2. proposed replacement.
2018 MacBook Pro i9 6-core (single-core 5348- multi-core 22598)
the MacBook score is for a older slower GPU

For a more realistic test, use CineBench 5-6 times and then the last results
or
convert a 4K video to 1080p in Handbrake and take the time.
 

kohlson

macrumors 68020
Apr 23, 2010
2,425
736
For a more realistic test
The only realistic test is your workflow, as @AidenShaw says.
I have a 2013 MBP with GT750M and a 6x3.33 cMP. The benchmarks show that the MP should be faster. FCPX import/export is always faster on the MBP. This includes 4K clips. This is because it's a well-integrated system (and the RX580 isn't fully utilized).
Handbrake is faster on the cMP. It uses only CPU for it's work. If that's what you do, stick with this.
 
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TzunamiOSX

macrumors 65816
Oct 4, 2009
1,013
411
Germany
I have a 2013 MBP with GT750M and a 6x3.33 cMP. The benchmarks show that the MP should be faster. FCPX import/export is always faster on the MBP. This includes 4K clips. This is because it's a well-integrated.system (and the RX580 isn't fully utilized).

What is your MP Setup? Do you have a M.2 SSD inside?
 

AidenShaw

macrumors P6
Feb 8, 2003
18,667
4,676
The Peninsula
The benchmarks show that the MP should be faster. FCPX import/export is always faster on the MBP. This includes 4K clips. This is because it's a well-integrated.system
Doesn't that MBP CPU contain the "Quick Sync" hardware encode/decode engine? Laptops with Quick Sync often are faster at video encode/decode than bigger systems without Quick Sync.

One more reason to test with *your* workflow ;)
 

JeffPerrin

macrumors 6502a
Jul 21, 2014
624
641
Doesn't that MBP CPU contain the "Quick Sync" hardware encode/decode engine? Laptops with Quick Sync often are faster at video encode/decode than bigger systems without Quick Sync.

Yes, but for single-pass encoding only.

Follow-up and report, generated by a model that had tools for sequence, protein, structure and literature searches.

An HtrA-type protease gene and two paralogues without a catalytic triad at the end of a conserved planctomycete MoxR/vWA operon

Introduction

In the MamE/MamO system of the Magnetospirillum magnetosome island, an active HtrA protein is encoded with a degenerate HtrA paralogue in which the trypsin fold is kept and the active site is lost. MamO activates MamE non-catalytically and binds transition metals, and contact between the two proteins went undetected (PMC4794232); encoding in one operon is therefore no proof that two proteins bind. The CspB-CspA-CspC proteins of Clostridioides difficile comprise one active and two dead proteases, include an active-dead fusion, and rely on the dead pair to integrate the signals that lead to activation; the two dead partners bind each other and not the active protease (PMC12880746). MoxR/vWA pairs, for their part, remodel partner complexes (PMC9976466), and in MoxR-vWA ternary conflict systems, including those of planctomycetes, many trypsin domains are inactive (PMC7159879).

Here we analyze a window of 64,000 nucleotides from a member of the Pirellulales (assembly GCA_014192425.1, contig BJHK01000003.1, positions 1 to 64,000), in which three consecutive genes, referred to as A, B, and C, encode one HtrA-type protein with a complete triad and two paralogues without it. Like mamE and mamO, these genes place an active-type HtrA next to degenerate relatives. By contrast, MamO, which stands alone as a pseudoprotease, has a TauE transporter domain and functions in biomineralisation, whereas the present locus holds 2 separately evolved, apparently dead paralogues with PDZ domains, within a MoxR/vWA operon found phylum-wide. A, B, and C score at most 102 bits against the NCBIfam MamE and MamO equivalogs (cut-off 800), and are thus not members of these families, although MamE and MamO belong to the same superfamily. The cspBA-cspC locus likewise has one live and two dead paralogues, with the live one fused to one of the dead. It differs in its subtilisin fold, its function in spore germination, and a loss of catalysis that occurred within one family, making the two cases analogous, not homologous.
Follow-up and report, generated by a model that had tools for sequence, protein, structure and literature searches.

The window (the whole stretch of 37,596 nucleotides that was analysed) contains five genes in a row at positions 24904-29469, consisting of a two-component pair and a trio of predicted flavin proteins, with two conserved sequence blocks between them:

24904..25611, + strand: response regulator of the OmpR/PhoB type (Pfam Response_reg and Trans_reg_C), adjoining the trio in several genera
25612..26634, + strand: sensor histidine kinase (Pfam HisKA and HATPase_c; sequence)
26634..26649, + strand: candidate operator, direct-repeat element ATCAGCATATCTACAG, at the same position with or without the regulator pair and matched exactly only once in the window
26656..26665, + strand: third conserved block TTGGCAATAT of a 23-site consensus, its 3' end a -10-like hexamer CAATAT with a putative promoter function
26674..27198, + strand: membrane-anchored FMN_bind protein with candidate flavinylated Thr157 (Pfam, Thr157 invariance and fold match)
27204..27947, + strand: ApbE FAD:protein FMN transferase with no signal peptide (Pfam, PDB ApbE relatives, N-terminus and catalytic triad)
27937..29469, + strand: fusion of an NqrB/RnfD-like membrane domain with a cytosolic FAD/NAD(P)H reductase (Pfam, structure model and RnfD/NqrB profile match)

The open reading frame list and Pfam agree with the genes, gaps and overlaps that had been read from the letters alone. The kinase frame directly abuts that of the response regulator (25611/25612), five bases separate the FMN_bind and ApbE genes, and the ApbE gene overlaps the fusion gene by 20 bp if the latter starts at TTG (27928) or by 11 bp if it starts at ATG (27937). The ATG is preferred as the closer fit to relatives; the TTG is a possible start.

kohlson

macrumors 68020
Apr 23, 2010
2,425
736
Doesn't that MBP CPU contain the "Quick Sync"
I believe so. And that is likely why this system *beats* the MP for video in/out, which on paper it should not.
But the reason for my "well-integrated" comment, aside from the fact that an fewer CPU cycle and less-capable GPU go faster in this workflow is that watching activity monitor, the MBP is pretty steady at keeping the CPU and GPU busy. The MP is very spiky. To me, that suggests contention/inefficiency in the end-to-end throughput.
[doublepost=1544638429][/doublepost]
What is your MP Setup? Do you have a M.2 SSD inside?
I have 2 SATA SSDs inside, one on the PCIe bus, the other on the SATA bus. I don't think this is an issue. Watching Activity Monitor, disk usage (reads/writes) is very low. But if there's more information on this, I'd be interested.
 

rjtiedeman

macrumors 6502
Original poster
Nov 29, 2010
337
66
Stamford, CT
Thanks to all for the helpful opinions. I ordered a iMac Pro 10 core today, After trying my sons new MBP out I came several conclusions. I need a big screen to do my work efficiently and my primary CAD software needs lots of cores to process data. Adding a eGPU helps but the cost of the eGPU, screen and MBP was the same as or close to the cost of a iMac Pro. It would have been nice to wait for a 2020 Mac Pro but life goes on and I don't want to wait any longer.